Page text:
Animal species affected

The species presented here are particularly frequent victims of illegal killings. Discover detailed descriptions of the individual species, including their characteristic identifying features, endangerment and conservation status and the most common methods of illegal killing.

  • resemble large shepherd dogs or huskies
  • Straight backline
  • Coat color: mixture of grey, brown and black
  • hanging, relatively short tail with black tip
  • Special features: In contrast to dogs, the footprints run in a straight line (laced trot).
  • German Red List: Critically endangered
  • Austria: Extinct
  • International: Annex II Bern Convention
  • EU level: strictly protected Annex II & IV Habitats Directive
  • Germany: strictly protected (§ 44 BNatschG)
  • Austria: protected under hunting and / or nature conservation law (regional differences)
  • Illegal removal punishable under the Criminal Code

 

  • Shooting
  • Wolves are also occasionally found mutilated or disappear without a trace.

Wolf

Canis lupus

After having been extinct for a long time, the wolf is returning from the east and has been settling in Germany for 20 years and in Austria for a few years now. The confirmed population in Germany is over 1,300 animals, in Austria there are 45 individuals. Wolves live in packs and are mainly active at dusk and at night.

Headline

Description

Another headline

Keine Daten vorhanden

Another description

  • High-legged (back higher than front)
  • Long ear tufts (also called “brushes”)
  • short tail with black end
    Whiskers
  • spotted coat, reddish-brown (summer), and light brown-grey (winter)
  • German Red List: critically endangered
  • Austria: partially critically endangered or extinct
  • Shooting
  • Occasionally, lynx are also strangled or poisoned.

Lynx

Lynx lynx

The lynx is the largest European cat species. Formerly very widespread, there are now just around 130 – 180 individuals in Germany and around 40 animals in Austria after the species was severely decimated. Their habitat is mainly forests, but also barren, rocky mountain regions. They are nocturnal and crepuscular loners that usually only come together during the mating season. They undertake nocturnal expeditions of up to 40 kilometers.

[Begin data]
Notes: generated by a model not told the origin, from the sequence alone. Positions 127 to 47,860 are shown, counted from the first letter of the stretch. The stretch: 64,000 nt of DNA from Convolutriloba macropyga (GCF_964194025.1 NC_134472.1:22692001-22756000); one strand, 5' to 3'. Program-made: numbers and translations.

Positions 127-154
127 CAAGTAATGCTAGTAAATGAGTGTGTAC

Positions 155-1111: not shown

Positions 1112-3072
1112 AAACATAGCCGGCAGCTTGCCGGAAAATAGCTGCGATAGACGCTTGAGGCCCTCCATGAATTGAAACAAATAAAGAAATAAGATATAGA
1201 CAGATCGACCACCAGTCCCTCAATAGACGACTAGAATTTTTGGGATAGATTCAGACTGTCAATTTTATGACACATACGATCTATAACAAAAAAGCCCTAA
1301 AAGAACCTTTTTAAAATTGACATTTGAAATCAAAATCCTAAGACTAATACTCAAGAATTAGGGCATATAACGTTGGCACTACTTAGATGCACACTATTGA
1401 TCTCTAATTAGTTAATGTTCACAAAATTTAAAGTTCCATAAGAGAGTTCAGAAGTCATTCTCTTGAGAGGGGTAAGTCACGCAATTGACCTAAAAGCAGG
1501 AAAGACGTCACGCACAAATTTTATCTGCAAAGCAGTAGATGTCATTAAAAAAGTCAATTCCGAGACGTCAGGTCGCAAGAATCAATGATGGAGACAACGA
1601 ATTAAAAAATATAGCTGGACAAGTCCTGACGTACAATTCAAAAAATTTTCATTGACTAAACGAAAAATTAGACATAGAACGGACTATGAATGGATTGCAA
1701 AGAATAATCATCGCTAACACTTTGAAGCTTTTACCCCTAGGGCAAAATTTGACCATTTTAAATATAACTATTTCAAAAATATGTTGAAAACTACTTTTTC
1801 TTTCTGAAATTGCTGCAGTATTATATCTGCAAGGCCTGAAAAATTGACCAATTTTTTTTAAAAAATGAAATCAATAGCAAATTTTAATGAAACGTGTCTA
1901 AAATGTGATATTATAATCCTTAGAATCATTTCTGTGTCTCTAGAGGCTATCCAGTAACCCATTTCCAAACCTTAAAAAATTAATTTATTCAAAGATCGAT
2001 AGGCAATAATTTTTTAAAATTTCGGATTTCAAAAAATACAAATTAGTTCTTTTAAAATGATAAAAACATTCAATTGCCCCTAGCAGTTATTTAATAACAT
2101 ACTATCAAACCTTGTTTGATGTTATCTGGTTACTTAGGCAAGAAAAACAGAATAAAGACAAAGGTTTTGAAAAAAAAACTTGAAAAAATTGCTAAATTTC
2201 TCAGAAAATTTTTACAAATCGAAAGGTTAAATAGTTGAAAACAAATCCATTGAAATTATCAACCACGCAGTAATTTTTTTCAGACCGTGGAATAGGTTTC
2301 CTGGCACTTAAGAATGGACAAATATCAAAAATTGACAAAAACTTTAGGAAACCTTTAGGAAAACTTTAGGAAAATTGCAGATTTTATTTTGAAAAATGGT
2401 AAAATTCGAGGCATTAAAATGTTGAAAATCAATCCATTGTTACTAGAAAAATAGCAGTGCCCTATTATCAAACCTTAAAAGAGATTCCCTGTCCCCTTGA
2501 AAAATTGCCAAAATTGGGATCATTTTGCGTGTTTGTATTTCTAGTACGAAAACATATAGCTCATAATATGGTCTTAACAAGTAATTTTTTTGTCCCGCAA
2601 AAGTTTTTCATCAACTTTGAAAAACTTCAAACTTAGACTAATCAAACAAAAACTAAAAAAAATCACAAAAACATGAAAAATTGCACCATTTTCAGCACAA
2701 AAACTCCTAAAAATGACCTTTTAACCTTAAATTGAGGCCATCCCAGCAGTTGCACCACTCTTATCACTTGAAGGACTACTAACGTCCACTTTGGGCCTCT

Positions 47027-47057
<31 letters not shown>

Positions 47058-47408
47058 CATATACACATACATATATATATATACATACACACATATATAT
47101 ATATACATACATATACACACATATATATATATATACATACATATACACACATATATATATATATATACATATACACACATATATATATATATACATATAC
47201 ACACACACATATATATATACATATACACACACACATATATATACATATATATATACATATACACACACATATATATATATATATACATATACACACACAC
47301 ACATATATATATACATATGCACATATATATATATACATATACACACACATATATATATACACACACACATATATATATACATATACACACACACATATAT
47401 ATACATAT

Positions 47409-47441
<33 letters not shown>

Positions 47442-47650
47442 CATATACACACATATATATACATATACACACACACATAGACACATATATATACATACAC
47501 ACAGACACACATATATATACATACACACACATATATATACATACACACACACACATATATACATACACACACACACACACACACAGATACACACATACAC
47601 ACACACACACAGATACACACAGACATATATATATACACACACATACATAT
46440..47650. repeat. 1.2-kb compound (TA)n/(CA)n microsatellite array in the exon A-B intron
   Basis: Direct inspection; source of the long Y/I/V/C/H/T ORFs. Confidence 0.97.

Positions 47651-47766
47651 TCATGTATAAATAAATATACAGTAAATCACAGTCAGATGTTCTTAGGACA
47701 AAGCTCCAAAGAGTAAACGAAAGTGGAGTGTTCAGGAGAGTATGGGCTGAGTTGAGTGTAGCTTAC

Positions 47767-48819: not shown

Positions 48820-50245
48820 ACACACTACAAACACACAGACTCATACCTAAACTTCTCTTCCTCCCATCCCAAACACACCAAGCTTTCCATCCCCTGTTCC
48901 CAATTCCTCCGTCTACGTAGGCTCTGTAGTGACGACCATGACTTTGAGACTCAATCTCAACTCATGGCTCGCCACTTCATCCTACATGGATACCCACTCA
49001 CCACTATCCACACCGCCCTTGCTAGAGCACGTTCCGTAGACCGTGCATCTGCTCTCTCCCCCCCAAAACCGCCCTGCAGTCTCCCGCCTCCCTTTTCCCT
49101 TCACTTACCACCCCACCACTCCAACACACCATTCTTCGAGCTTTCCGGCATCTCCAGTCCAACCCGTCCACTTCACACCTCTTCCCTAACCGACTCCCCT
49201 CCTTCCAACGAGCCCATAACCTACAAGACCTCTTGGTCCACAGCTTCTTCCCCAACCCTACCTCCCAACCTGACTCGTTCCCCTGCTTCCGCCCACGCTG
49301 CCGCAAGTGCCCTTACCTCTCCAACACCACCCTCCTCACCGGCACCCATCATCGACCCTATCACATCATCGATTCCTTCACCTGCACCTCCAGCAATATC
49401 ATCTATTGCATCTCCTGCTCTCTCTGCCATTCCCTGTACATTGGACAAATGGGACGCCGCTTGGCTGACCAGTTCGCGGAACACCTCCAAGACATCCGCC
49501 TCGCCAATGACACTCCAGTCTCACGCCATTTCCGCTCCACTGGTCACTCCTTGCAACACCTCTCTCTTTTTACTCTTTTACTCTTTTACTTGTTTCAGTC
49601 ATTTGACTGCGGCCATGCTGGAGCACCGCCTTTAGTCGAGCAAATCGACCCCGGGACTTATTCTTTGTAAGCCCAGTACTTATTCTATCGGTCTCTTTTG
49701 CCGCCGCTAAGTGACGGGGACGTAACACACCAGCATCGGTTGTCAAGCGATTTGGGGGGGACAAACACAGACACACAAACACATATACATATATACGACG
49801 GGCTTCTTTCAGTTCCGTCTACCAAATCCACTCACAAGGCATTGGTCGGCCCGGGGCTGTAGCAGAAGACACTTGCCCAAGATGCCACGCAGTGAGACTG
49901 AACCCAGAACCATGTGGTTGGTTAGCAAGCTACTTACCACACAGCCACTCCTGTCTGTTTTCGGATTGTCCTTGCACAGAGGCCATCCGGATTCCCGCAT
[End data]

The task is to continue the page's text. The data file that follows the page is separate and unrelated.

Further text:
Headline

Description

Another headline

Keine Daten vorhanden

Description

  • flat, scaly tail (“trowel”)
  • Large, reddish front teeth
  • Coat color ranges from light reddish brown to almost black.
  • German Red List: near threatened
  • Austria: near threatened
  • International: Annex II Bern Convention
  • EU level: strictly protected Annex II & IV Habitats Directive
  • Germany: strictly protected (§ 44 BNatschG)
  • Austria: Protected under hunting and nature conservation law (state laws)
  • Shooting, trapping
  • Beaver lodges are also frequently destroyed.

Beaver

Castor fiber

The beaver is the largest European rodent and was on the verge of extinction for a long time. There are now over 40,000 animals living in Germany again, and around 9,000 in Austria. Beavers inhabit both flowing and standing waters – preferably surrounded by forests. As ecosystem engineers, they strongly shape their habitat and are known for building so-called beaver lodges in which they live in family groups. They are active at dusk and at night.

Headline Chart 1

Test

Another chart

Keine Daten vorhanden

  • elongated body, long tail
  • extremely dense, brown coat
  • marten-like appearance
  • German Red List: vulnerable
  • Austrian Red List: Critically Endangered
  • International: Annex II Bern Convention
  • EU level: strictly protected Annex II & IV Habitats Directive
  • Germany: strictly protected (§ 44 BNatschG)
  • Austria: strictly protected according to hunting law and / or nature conservation law (state differences) (NatSchG)
  • Shooting, trapping

Eurasian otter

Lutra lutra

Otters are members of the marten family that are perfectly adapted to both water and land life. Rivers, marshes, swamps, fjords, sea coasts as well as high mountain and lowland lakes are among their habitats. They are mainly crepuscular and nocturnal, but can also be found as solitary animals during the day. They seek shelter in riverbank caves, under the roots of old trees or in muskrat burrows.

Headline Chart 1

Keine Daten vorhanden

Test

Another headline chart

Keine Daten vorhanden

  • striking muscular hump
  • striking sexual dimorphism (males larger and heavier than females)
  • Horns bent inwards
  • German Red List: Extinct
  • Austrian Red List: Extinct

To date, two bison have been illegally shot in Germany.

European bison

Bison bonasus

The European bison is a relative of the American bison and the largest land mammal in Europe. There is only a very small population in Germany; Eastern Europe has the main populations. The cloven-hoofed animals inhabit structurally rich landscapes consisting of deciduous, mixed and coniferous forests as well as clearings, pastures and meadows. European bison mainly form herds, only older bulls live solitary lives. They do not have typical territories, but live in large roaming areas that can overlap.